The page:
BGS has developed GeoVisionary in partnership with Virtalis. GeoVisionary is a geoscientific information system for visualisation and interpretation of geoscience datasets in a virtual reality environment.

GeoVisionary is software offering the ability to visualise comprehensively all of possible elements together in a single, immersive 3D stereoscopic environment, as well as on desktop PCs and laptops. GeoVisionary's powerful graphics rendering engine gives seamless, real time access to the entire data resource. BGS has created an add-in for ArcGIS that links the GIS with GeoVisionary, connecting traditional GIS with the 3D virtual landscape. GeoVisionary also provides simultaneous high resolution 3D visualisation of city models and geoscientific models.

By using Virtalis MaxExchange software (a plug-in for Autodesk 3DS Max) it allows CAD models to be easily imported into GeoVisionary.

For added realism in GeoVisionary projects, BGS can incorporate simple animations created in 3DS Max, such as flying aircraft or vehicles moving along roads.

Visualisation Systems in the Real World

Turning now to real military hardware, visualisation systems are now providing vital additional information. For instance, imagery on an aircraft Head Up Display (HUD) is a form of visualisation, where basic features such as attitude, airspeed and altitude can be added to weapon state and target data, including the optimum flight path to engage a target or evade a threat. First-generation symbology was basic, but now almost anything can be added, including outside-world pictures such as from night vision devices. Night low flying can now take place without the need for complex and expensive terrain-following radar (TFR), which may give away aircraft position to an enemy. Miniaturisation has led to Helmet-Mounted Display (HMD) systems that can enable the helmet of an aircraft pilot, tank commander, or soldier to be just as capable as a separate display unit, the display still being visible when the user scans left, right, and upwards.

Symbology and imagery can match the role and the challenge is to filter information so that what is displayed is relevant to the task rather than saturating the display with non-essential data. As the phase of an operation changes, the displayed data can be changed, then changed again, to what is relevant. The BAE Systems STRIKER series of HMDs are examples, fitted to some Eurofighter TYPHOONs and Saab GRIPENs. The STRIKER II includes night vision cameras so that separate NVGs do not have to be worn. The challenge with HMD systems is to lower weight and rotational inertia, to reduce loads on the pilot’s neck under high G loadings or when scanning rapidly. BAE Systems is currently working with the University of Birmingham in the UK to develop lightweight systems. Certainly, some sort of light eyeglasses may be possible and some people are even forecasting contact-lenses with an imaging capability.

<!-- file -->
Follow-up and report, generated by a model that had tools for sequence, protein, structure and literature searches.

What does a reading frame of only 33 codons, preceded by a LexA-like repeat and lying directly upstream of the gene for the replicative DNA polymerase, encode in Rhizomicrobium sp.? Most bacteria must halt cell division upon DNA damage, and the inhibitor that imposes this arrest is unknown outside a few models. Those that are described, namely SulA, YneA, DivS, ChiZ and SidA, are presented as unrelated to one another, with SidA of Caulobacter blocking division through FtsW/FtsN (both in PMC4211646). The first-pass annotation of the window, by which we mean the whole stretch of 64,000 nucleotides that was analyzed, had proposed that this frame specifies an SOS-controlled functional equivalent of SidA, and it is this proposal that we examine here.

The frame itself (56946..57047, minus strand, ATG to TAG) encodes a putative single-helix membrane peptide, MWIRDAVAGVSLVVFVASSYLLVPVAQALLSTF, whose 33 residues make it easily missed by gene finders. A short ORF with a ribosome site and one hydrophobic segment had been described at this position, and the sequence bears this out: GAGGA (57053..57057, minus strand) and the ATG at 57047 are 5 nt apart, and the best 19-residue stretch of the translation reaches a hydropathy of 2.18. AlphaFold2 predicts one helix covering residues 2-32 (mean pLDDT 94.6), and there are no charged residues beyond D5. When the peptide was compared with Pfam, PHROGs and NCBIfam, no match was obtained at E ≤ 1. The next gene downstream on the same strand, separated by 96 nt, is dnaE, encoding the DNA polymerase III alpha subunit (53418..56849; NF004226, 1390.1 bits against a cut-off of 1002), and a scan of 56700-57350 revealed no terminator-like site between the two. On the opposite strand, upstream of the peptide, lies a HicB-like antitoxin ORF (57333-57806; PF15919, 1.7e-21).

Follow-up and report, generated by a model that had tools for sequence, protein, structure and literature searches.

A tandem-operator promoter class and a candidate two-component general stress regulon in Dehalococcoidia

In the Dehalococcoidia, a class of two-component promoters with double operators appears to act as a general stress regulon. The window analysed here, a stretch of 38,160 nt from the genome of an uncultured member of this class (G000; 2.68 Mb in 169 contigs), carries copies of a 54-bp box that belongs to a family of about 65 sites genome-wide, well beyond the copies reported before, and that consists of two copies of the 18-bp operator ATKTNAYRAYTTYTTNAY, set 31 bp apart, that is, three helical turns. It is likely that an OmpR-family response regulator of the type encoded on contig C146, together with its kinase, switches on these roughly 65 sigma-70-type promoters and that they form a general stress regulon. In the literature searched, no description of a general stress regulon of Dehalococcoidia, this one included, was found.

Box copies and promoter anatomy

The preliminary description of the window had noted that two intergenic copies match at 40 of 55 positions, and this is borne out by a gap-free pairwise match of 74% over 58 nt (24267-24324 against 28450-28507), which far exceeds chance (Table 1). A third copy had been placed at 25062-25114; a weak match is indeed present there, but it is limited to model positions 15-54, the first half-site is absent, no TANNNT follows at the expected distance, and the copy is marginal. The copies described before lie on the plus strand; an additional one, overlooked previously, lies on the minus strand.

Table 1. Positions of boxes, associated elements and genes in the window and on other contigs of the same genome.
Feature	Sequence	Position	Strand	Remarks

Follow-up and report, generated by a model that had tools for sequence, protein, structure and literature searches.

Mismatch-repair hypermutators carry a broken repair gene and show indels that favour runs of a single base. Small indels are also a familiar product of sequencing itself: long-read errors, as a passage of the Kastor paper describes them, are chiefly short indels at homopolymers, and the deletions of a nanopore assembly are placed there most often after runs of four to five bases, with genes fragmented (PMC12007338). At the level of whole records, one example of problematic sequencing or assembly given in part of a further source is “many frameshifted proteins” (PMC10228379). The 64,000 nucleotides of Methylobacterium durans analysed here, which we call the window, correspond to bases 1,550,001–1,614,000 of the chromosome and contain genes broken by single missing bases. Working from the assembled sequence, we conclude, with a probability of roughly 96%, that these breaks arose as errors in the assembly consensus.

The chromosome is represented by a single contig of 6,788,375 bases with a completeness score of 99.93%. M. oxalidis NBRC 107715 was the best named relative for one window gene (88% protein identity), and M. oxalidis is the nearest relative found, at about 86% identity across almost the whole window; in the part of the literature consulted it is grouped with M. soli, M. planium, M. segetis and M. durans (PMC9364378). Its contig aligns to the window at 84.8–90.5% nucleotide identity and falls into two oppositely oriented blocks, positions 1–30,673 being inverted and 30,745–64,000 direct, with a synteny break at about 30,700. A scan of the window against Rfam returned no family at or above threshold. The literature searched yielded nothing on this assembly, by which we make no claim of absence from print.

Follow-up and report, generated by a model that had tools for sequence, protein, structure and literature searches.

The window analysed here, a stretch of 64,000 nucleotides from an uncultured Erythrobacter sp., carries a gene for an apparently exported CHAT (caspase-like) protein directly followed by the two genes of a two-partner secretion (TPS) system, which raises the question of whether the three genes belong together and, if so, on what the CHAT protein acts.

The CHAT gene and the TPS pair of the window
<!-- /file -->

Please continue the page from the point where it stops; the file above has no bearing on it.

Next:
A major problem in aircraft operation is returning to base to find conditions of low cloud, poor visibility, or both. To a certain extent FLIR will help because a sensor working in the far-IR at wavelengths near 10µm can penetrate poor visibility and even a small amount of cloud. However, a much better picture can be produced for pilots using GPS position combined with stored synthetic imagery of the local terrain that can be called up when required and matched to the GPS latitude and longitude as it changes with time. Accurate aircraft altitude is required for such a system to be safe and a combination of pressure and GPS altitude and a good model of local terrain and obstructions can provide this data. Synthetic imagery can be displayed either on an HUD or on an HMD. Such systems have been trialled but there are obvious problems in certification for live use for landings, particularly in the Commercial Air Transport sector. GPS co-ordinates used must be as accurate as possible, so a Satellite-Based Augmentation Systems (SBAS) for the area should be used such as BeiDou 1 (China), EGNOS (Europe), GAGAN (India), MSAS and QZSS (Japan), and  WAAS (North America). Clearly such synthetic visualisation systems can be used for an aircraft approach down to altitudes of 100, even 50m, but what if the real runway still does not appear through the synthetic picture? Will they ever be cleared for the landing itself, or for taxying in fog? With such a system, taxying is likely to be more hazardous than landing, because Air Traffic Control will (probably) be able to guarantee that the landing runway is clear of other aircraft, but taxiways and dispersal areas are another matter entirely!

This update of visualisation systems has covered some of their technology and current applications. CGI is now available with nearly real-world resolution, but that is only the start. The question is not so much the imagery, but how it is displayed. Displays vary from simple TV screens, through forward- and back-projected displays, to those at a distant focus. The distant focus systems apply to large and capable FFS, and at a smaller size, aircraft HUD/HMD. Then there is the use of visualisation systems in real vehicles rather than in simulators, such as for night vision, targeting, or as a landing aid in poor visibility. Overall, modern visualisation systems are in use, are very capable, and contribute in a major way to training both civil and military.

Ian W. Strachan is an expert on simulation and training and a regular contributor to MT.
Peter Donaldson, with 25 years of experience as a journalist and writer covering aerospace and defence technology and operations, is a regular contributor to MT.